Sunday, November 28, 2021

Surviving The “C” Word



By Julia Barnett

Sometimes life throws you a curveball, aimed straight at your head. You can’t avoid it; you can’t duck out of its way.

Sometimes that curve ball is called breast cancer.

In September of 2006, Marco Island local Marian Colli went in for a routine annual mammogram, thinking nothing of it—it was chore, a time consuming addition to an ever-growing to-do list. She never expected them to find anything.

But find something they did, a something that was too deep to find in a self-examination or on a normal doctor’s visit. Worried about the lump, the examining physician called for a surgeon immediately. From there, things proceeded rather quickly.

The day after her mammogram, the surgeon called Marian, and informed her that he believed the lump should be removed as soon as possible. The lumpectomy was scheduled and preformed, and when Marian woke, the surgeon informed her that the lump had been cancerous. He also told her that they managed to get it all out.

“When they told me, I started crying,” Marian shared. “They asked if I was crying because I had cancer or because I was relieved they got it all

Breast cancer survivor Marian Colli and her daughter Julia Barnett. SUBMITTED PHOTOS

Breast cancer survivor Marian Colli and her daughter Julia Barnett. SUBMITTED PHOTOS

in surgery. I said ‘yes’.”

In October, 2006, she began her chemo treatments. The process involved six months of chemotherapy once every three weeks, as well as six weeks of radiation, five days a week. “The smell of the chemicals made me feel ill. The chemo itself made me tired and it hurt when they first put the needle in the port,” Marian remembered. “My hair started falling out after the first treatment, and my head was really sore from it, so I had my head shaved and that stopped the pain.”

Marian finished treatments in March of 2007, and began follow-up checks. These checks were first every three months, then every six. Now, she only goes once a year, and is given a clean bill of health every time. Her hair grew back slowly, and while the chemo itself pushed her into early menopause, the post-therapy medication hasn’t given her any side effects.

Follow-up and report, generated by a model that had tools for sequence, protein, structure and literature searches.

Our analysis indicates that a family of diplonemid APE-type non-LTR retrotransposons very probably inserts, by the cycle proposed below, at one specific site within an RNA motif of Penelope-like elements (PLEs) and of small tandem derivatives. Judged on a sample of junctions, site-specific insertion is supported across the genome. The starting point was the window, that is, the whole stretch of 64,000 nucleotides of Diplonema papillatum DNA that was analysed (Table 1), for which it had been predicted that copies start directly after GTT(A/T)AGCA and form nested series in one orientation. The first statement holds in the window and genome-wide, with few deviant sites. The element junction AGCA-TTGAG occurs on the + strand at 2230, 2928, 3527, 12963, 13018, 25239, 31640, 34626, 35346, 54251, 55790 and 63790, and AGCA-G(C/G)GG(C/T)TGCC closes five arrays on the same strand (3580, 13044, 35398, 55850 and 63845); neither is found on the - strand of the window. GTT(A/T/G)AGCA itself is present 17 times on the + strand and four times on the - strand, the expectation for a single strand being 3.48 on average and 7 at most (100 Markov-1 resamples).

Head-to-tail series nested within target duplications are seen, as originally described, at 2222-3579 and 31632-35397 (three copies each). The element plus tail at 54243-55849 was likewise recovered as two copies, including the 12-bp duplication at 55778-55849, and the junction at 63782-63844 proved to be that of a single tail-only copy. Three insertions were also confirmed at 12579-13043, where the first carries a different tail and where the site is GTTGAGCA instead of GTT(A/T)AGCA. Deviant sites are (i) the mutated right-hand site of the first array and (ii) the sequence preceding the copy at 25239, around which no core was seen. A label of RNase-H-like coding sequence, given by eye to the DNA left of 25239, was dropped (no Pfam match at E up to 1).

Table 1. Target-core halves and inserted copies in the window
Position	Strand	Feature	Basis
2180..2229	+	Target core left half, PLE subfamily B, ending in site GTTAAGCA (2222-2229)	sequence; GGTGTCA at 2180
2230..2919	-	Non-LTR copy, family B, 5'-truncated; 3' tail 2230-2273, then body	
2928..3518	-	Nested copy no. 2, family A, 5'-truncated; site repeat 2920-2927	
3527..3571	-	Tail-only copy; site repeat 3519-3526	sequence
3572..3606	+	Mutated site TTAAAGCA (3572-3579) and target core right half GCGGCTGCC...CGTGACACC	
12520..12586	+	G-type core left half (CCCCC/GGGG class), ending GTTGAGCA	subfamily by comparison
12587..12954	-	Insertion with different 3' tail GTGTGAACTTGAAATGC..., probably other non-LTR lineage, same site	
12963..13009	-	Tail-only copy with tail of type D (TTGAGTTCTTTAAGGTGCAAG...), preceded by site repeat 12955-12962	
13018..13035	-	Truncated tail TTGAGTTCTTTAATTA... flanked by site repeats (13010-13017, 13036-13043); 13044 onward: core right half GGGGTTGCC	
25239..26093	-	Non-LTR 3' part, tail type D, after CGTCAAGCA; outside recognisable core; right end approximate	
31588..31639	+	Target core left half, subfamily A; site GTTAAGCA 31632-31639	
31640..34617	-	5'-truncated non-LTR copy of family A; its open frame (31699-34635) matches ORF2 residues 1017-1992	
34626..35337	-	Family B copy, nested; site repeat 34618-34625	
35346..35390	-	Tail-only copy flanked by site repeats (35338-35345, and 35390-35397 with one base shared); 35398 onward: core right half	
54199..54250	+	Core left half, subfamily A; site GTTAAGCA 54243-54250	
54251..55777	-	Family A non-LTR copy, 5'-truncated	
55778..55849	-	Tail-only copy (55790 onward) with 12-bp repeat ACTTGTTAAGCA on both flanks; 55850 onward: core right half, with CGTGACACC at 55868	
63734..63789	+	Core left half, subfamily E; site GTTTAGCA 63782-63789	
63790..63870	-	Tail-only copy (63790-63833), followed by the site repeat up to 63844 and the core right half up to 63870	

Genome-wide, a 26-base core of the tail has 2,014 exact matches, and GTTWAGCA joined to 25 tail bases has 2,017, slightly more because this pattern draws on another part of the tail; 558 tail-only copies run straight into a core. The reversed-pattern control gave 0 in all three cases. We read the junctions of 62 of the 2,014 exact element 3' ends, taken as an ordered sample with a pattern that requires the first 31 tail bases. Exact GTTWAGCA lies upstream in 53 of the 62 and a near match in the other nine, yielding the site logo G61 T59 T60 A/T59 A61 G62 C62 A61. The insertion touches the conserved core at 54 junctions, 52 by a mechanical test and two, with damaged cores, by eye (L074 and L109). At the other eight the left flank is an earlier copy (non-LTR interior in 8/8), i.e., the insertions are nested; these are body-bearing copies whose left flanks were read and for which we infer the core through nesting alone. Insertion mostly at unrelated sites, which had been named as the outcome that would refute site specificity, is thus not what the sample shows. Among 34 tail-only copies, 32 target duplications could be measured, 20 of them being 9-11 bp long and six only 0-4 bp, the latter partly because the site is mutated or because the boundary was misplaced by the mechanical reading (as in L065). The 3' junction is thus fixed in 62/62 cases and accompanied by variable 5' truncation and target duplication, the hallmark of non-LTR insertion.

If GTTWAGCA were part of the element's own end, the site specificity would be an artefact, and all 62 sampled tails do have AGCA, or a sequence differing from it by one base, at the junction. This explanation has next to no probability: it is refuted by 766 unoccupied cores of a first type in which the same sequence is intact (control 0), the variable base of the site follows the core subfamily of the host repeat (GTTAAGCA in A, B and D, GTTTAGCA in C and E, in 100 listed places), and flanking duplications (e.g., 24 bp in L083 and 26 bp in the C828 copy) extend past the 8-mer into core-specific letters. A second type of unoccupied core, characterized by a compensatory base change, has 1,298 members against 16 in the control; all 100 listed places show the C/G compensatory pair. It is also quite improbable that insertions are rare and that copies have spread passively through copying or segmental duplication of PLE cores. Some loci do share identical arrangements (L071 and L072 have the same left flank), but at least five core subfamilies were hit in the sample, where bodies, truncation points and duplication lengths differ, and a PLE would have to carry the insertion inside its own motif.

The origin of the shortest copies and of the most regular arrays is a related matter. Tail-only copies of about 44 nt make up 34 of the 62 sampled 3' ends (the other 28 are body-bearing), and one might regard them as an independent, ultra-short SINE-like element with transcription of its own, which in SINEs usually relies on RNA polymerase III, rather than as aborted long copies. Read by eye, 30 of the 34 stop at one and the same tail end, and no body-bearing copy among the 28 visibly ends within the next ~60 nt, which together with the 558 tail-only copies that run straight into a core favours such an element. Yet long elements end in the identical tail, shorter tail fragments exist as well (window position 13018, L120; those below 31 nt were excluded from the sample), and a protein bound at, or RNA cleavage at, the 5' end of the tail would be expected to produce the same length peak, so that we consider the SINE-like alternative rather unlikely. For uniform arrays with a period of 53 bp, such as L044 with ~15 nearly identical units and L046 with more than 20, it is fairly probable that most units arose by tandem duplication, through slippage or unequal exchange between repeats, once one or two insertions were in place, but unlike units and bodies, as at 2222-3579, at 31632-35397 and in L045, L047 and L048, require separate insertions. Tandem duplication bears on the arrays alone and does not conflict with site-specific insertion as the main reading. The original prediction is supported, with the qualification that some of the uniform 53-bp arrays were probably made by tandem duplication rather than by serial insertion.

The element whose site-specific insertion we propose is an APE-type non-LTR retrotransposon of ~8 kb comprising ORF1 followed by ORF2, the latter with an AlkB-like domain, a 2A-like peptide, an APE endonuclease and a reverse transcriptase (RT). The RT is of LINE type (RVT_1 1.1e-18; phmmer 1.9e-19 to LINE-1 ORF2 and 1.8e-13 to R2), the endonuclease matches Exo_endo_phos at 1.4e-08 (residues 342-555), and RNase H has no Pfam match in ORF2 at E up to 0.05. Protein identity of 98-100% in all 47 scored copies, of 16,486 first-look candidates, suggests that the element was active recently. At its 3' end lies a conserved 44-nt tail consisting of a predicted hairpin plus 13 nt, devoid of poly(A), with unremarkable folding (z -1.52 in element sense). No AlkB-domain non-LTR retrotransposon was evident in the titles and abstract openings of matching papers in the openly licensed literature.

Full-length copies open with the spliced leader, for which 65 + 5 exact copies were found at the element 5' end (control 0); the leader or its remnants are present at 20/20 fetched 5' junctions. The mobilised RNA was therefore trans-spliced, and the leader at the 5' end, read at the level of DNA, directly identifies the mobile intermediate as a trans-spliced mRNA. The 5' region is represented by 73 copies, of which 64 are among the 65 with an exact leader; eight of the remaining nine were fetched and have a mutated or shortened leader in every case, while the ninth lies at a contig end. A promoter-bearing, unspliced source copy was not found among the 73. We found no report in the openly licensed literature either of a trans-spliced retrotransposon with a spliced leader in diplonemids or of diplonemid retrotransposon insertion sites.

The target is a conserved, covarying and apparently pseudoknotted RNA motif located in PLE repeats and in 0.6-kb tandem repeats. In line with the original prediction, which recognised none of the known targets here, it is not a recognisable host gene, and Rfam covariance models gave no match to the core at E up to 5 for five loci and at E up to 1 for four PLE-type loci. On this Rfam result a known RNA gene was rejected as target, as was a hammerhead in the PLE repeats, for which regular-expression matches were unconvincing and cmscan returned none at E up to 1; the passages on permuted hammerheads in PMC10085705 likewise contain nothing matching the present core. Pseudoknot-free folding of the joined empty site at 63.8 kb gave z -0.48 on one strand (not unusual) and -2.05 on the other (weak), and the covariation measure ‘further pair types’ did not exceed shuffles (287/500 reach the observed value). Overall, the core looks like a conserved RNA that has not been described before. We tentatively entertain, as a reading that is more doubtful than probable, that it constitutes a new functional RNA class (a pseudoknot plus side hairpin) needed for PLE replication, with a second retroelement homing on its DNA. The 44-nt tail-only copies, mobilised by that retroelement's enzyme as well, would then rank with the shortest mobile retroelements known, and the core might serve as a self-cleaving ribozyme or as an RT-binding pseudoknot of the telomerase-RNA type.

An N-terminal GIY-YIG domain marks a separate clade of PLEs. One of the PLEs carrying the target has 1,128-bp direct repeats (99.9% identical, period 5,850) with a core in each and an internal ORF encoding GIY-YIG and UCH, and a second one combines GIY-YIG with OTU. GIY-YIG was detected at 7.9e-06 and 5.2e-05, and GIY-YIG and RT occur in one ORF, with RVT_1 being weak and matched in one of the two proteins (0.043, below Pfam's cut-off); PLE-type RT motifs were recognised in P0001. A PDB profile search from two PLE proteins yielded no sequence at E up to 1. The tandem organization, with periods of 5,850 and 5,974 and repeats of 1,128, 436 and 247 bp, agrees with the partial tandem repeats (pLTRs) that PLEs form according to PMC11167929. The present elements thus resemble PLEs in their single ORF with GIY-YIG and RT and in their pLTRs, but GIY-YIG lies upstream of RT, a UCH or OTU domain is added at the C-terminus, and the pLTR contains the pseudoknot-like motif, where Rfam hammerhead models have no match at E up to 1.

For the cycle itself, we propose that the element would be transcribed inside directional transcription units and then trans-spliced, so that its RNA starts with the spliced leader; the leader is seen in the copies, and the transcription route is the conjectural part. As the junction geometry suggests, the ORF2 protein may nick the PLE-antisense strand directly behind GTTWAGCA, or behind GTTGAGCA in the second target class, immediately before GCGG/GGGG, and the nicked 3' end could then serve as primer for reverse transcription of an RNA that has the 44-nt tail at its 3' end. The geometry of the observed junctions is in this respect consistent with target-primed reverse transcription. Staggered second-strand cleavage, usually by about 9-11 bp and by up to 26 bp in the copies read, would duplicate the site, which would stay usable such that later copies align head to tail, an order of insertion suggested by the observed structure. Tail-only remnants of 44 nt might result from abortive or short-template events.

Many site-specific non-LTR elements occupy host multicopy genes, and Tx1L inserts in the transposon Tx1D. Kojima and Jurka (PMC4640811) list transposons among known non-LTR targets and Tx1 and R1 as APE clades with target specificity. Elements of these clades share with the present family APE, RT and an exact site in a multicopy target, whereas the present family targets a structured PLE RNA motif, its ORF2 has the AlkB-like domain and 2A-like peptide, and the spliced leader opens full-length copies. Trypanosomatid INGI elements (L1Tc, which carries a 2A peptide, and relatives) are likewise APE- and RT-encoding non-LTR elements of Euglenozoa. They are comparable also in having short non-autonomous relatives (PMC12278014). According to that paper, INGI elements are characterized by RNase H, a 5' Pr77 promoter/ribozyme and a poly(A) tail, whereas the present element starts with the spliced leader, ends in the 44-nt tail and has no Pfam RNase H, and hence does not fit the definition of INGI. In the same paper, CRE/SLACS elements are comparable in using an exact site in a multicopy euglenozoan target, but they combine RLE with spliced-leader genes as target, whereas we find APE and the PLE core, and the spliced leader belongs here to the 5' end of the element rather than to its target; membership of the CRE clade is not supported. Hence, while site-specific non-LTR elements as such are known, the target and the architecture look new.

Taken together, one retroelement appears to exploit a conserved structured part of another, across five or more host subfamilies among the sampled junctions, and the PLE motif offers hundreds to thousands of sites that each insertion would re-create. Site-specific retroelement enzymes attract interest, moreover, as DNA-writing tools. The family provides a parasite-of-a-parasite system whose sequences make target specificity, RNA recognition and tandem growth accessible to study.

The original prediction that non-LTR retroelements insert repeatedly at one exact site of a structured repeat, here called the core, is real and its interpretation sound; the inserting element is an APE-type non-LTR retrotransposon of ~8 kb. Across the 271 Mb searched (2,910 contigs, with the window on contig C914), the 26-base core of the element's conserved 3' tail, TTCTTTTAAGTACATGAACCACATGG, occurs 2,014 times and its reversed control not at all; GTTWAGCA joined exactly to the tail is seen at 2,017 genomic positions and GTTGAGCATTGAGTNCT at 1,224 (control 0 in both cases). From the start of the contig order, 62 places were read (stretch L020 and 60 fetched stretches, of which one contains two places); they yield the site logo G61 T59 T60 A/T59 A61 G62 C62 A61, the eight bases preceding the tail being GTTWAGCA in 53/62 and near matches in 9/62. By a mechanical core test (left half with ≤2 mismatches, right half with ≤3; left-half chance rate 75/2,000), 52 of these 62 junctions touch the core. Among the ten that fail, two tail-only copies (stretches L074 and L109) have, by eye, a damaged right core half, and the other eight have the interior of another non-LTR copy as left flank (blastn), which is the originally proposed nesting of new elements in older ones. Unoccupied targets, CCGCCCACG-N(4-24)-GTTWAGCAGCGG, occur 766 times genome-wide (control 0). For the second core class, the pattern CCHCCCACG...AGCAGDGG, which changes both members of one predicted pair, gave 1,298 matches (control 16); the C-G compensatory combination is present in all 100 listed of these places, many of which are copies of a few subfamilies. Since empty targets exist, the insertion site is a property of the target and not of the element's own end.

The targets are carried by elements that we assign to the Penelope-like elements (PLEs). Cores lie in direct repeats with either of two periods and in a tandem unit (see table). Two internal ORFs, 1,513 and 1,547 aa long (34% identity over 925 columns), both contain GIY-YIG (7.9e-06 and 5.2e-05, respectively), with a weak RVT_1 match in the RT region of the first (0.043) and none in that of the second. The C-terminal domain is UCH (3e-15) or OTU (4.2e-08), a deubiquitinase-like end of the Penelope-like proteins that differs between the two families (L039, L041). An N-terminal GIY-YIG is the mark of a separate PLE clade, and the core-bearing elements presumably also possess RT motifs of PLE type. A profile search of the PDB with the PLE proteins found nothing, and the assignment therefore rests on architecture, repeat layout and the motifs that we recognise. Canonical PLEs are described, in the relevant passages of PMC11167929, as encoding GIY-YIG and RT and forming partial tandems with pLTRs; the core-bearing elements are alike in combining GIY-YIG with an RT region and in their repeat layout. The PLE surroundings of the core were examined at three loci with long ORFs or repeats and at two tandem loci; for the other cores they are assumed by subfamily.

Personally, I’m glad she has remained in good health. As her daughter, I remember the days she felt so sick she couldn’t move. I remember nervously driving her to her chemotherapy appointments with my newly granted Learner’s Permit.

Marian is now healthy and cancer free.

Marian is now healthy and cancer free.

I remember being terrified, and not understanding what, exactly, was happening.

I also gained new respect for my mother. Her courage and her faith has inspired me every day since. She was the first person I turned to when I felt something strange during a self-examination. Within a week, she had gotten me an appointment for a mammogram, and accompanied me to keep me calm.

Luckily, I was cancer-free. But there are women who are not as lucky as I am. And there are women who are not as lucky as my mother—women who get cancer repeatedly, or who never get healthy again.

October is Breast Cancer Awareness Month, and my mother and I both want to take the opportunity to remind women everywhere to get checked, and get checked regularly. Do self-examinations in between. Cancer may become part of your life, but as my mother likes to say, it doesn’t have to run it.

“Continue to do the things you love and need to do. Your frame of mind and staying positive is vital,” according to my mom.

Get checked and be well. Remind the women you love to get checked, as well. Together, we can survive anything.



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